WINTER PARK (FBW)—When First Baptist Church in Winter Park helped plant a church in Kiev, Ukraine in the fall of 1991 there were only 900 churches in the country. Now there are over 3,000 Baptist churches alone. Since that time J.C. Mitchell, retired pastor of the church and president of the Florida Baptist State Convention from 1989-90, has been engaging the lost people of Ukraine through church planting.
Mitchell was invited by an evangelist to visit the Ukraine in 1991, the same year the USSR was dissolved. There he met a young believer by the name of Yaroslav Machinsky.
“Yaroslav is an example of how God was preparing Ukraine for the time when the country would be free,” said Mitchell.
“Over 100,000 clergy were executed in the USSR,” Mitchell said, “with many more imprisoned and tortured.”
One of the many who were placed into prison was John Machinsky, the grandfather of Yaroslav, who currently serves as the pastor of Revival Baptist Church, one of the fastest-growing congregations in the Ukraine.
A steadfast believer, the elder Machinsky was imprisoned for ten years for preaching the Gospel. After his release, he, along with many
secret churches, met in homes and even in the forest snow to worship and fellowship.
When Yaroslav was 15 years old, he came to faith in Christ and was baptized in 1985. The Soviets compelled him to serve in the army in Siberia for two years, where he was beaten and sentenced to hard labor in excruciating conditions.
Mitchell said it was Yaroslav’s persecution that led to fertile ground for the young man’s call to ministry.
Under Mitchell’s leadership First Baptist Winter Park made yearly visits to the church plant, investing in Yaroslav who enrolled in seminary and began leading a Bible study in a Soviet-era building where the Bible was once declared to be false.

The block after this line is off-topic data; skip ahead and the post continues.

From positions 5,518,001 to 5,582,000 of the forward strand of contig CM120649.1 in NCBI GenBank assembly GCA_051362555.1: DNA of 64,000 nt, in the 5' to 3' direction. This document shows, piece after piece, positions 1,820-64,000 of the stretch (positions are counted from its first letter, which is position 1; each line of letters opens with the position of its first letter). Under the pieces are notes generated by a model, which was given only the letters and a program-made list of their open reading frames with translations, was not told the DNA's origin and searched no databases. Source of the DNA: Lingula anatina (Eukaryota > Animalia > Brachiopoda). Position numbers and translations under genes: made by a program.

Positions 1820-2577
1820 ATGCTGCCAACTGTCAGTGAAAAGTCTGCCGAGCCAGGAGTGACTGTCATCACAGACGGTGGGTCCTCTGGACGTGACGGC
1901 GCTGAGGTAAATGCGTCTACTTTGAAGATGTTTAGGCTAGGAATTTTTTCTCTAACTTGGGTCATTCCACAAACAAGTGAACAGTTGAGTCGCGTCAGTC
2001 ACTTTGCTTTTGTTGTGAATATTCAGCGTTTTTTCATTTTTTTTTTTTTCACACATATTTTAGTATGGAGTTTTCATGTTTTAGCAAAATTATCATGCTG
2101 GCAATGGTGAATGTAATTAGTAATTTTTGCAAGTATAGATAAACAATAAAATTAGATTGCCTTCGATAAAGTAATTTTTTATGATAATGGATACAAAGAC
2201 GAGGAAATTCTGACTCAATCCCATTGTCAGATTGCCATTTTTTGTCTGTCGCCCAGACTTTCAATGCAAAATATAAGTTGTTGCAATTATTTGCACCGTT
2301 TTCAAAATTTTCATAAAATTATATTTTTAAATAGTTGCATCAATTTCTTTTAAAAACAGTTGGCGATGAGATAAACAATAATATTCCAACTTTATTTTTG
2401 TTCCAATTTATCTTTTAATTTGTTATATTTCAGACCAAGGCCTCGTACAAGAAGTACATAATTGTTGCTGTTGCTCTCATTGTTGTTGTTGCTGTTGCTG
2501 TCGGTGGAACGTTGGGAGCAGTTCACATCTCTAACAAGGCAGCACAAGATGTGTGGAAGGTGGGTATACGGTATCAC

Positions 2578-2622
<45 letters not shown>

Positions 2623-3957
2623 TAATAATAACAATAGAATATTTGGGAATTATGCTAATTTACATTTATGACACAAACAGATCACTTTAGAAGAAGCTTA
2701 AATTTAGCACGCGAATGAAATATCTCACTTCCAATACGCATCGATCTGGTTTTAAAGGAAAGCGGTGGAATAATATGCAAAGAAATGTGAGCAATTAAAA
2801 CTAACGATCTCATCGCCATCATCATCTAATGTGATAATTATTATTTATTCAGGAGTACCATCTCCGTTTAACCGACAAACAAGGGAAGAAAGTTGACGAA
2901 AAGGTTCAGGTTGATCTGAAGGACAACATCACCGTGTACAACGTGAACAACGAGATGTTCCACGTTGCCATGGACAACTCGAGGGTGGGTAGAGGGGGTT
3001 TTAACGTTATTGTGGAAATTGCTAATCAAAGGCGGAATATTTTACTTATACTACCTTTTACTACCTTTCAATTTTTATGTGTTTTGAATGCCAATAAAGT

“Soviet Premiere Nikita Khrushchev reportedly held up a Bible and said, ‘We are going to close down the rest of your churches,’” said Mitchell.
There, they opened the first home of Revival Baptist Church. The congregation grew significantly and after seven years needed a more permanent meeting place. Mitchell and others raised almost $300,000 to buy property.
The building they constructed on a busy highway included a 400-seat auditorium and educational space.
Mitchell spoke at the dedication of the new building, challenging Revival Baptist to plant 20 more churches in Ukraine.
“Machinsky and Revival Baptist were up to the challenge and have been planting churches ever since,” Mitchell said.
One church is in the Chernobyl region, near the place of the nuclear explosion and fallout of 1986. Mitchell had received a letter from a member of the Chernobyl community, asking for help in providing a church for the area.
Again, Mitchell led the charge to raise funds for a building.
Again, he succeeded.
“At the dedication, 85 children attended a children’s service and 100 people came for a church service in an area seemingly forgotten by the world,” Mitchell recalled.
The church is the only one in the region where 50,000 people live in 41 villages.
“God is absolutely at work in the Ukraine,” Mitchell said, noting last July that 200 new believers followed the Lord in baptism. “Through the faithfulness of people in Ukraine and those in the United States, churches are rising up and the revival is evident in a country that for so long faced incredible hardship and persecution.”
Story compiled by Mark Heath and Joni B. Hannigan from a report submitted by Scott E. Clark.
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